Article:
University of Idaho researchers are holding field tours to give farmers the latest information on ventenata, a grass weed that is increasing throughout the Northwest.
The university field tours to discuss ventenata management begin at 1 p.m. June 13 in Usk, Wash., and 8 a.m. June 19 in Moscow, Idaho.
Ventenata is a relatively new weed, a winter annual grass that germinates in the fall and produces a seed head in the spring.
"I don't think we've seen the full extent of its impact yet," said Tim Prather, UI weed ecology professor. The weed is found in virtually all eastern Oregon and western Idaho counties and many Washington counties, and it continues to expand.
Hay farmers are reporting reduced yields, decrease in stand life from 10 years to five years and ineligiblity for the export market.
Prather estimates ventenata can drop hay from a value of $220 per ton to $70 per ton.
"That's a pretty drastic loss," he said.
Farmers who don't yet have ventenata will want to watch their roadsides against a county road or a highway, Prather said. It also shows up first on roads within a farm operation.
Prather said the field tour agenda includes results from a survey of 500 forage producers and some herbicide screening work. Researchers will be collecting information this summer from experiments begun last fall in land in pasture, range, hay production and the USDA's Conservation Reserve Program.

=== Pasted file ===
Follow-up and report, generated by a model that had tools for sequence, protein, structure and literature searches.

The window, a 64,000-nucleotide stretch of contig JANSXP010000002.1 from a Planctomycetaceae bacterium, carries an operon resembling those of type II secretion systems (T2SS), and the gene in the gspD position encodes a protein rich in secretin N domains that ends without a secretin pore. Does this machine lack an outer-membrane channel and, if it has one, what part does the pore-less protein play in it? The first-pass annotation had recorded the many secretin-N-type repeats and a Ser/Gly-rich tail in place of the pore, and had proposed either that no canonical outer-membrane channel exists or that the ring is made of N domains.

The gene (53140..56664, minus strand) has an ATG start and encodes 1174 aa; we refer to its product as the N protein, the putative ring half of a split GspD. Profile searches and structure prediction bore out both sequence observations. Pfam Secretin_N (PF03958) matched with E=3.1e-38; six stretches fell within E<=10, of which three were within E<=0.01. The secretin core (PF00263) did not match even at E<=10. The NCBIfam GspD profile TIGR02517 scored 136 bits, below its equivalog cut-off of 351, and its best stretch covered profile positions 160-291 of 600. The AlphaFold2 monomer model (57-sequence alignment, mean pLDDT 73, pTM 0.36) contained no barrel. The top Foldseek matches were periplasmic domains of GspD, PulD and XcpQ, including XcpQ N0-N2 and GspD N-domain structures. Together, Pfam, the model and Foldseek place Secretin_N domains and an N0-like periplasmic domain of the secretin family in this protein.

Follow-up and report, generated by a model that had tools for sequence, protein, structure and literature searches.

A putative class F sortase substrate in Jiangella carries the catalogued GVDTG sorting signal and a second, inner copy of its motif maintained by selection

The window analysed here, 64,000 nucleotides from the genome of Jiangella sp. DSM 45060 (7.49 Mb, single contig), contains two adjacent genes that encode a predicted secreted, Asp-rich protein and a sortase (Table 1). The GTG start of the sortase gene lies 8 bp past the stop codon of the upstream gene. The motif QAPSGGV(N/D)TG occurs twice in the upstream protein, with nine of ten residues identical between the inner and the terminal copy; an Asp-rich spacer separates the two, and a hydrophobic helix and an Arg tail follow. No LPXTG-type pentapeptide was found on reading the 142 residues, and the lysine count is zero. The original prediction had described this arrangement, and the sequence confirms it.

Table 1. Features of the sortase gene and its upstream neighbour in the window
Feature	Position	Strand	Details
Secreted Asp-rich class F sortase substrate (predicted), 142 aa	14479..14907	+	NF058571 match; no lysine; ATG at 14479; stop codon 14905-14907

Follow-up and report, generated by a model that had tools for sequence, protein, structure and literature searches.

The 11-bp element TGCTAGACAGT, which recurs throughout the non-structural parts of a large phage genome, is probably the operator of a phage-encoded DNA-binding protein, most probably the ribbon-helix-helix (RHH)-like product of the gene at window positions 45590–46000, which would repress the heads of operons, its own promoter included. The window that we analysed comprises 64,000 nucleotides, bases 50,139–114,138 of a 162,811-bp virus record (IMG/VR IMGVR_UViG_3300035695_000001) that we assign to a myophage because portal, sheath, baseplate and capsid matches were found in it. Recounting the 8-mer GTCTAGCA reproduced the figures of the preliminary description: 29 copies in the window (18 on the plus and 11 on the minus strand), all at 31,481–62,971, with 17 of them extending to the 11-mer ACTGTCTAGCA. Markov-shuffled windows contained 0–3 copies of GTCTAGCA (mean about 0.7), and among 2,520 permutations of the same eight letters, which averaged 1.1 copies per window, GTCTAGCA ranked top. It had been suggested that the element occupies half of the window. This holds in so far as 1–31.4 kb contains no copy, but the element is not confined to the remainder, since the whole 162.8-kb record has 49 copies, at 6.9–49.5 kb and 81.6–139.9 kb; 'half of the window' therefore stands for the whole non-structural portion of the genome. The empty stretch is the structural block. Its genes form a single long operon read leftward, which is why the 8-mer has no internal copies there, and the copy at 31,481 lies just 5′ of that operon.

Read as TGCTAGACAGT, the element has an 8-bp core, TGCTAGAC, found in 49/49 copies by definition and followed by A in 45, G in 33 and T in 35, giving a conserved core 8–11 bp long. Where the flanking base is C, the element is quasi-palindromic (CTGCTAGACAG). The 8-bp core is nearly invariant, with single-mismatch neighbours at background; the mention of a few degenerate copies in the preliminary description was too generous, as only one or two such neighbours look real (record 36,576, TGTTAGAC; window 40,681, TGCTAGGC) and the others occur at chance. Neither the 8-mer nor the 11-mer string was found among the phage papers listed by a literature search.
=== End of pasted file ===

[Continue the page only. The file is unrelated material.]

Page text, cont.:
The researchers have developed plans for treatment on range conditions, including whether herbicide treatments also impact desirable forage crops. Some herbicides would be useful in pasture and range systems that are grazed, including Monsanto's Outrider herbicide in the fall or Plateau herbicide in some cases of CRP land.
Healthy pasture grasses will also be helpful. In hay, researchers are recommending timothy hay not be grazed after the last harvest. Higher cutting heights make for more robust grasses, Prather said. Researchers are working to register a herbicide for timothy hay, but there's no firm answer yet, Prather said.
"One of my goals is for those counties where it's just an emerging problem, my hope is they don't wait until it becomes a big problem," Prather said. "That's a common problem, that we don't get at it early enough. There's a lot of counties that potentially could be affected that are just now hearing about it. They should be really concerned rather than wait and see if it develops into a problem."
Ventenata can also potentially create challenges for wildlife, he added, noting it has affected nesting birds and insect diversity on CRP land.
"We're not done being worried about the impact of ventenata," Prather said. "We've got a lot of questions still to answer."
Prather asks farmers to RSVP for the Moscow, Idaho event, which will include buses. Call 208-885-9246 for more information.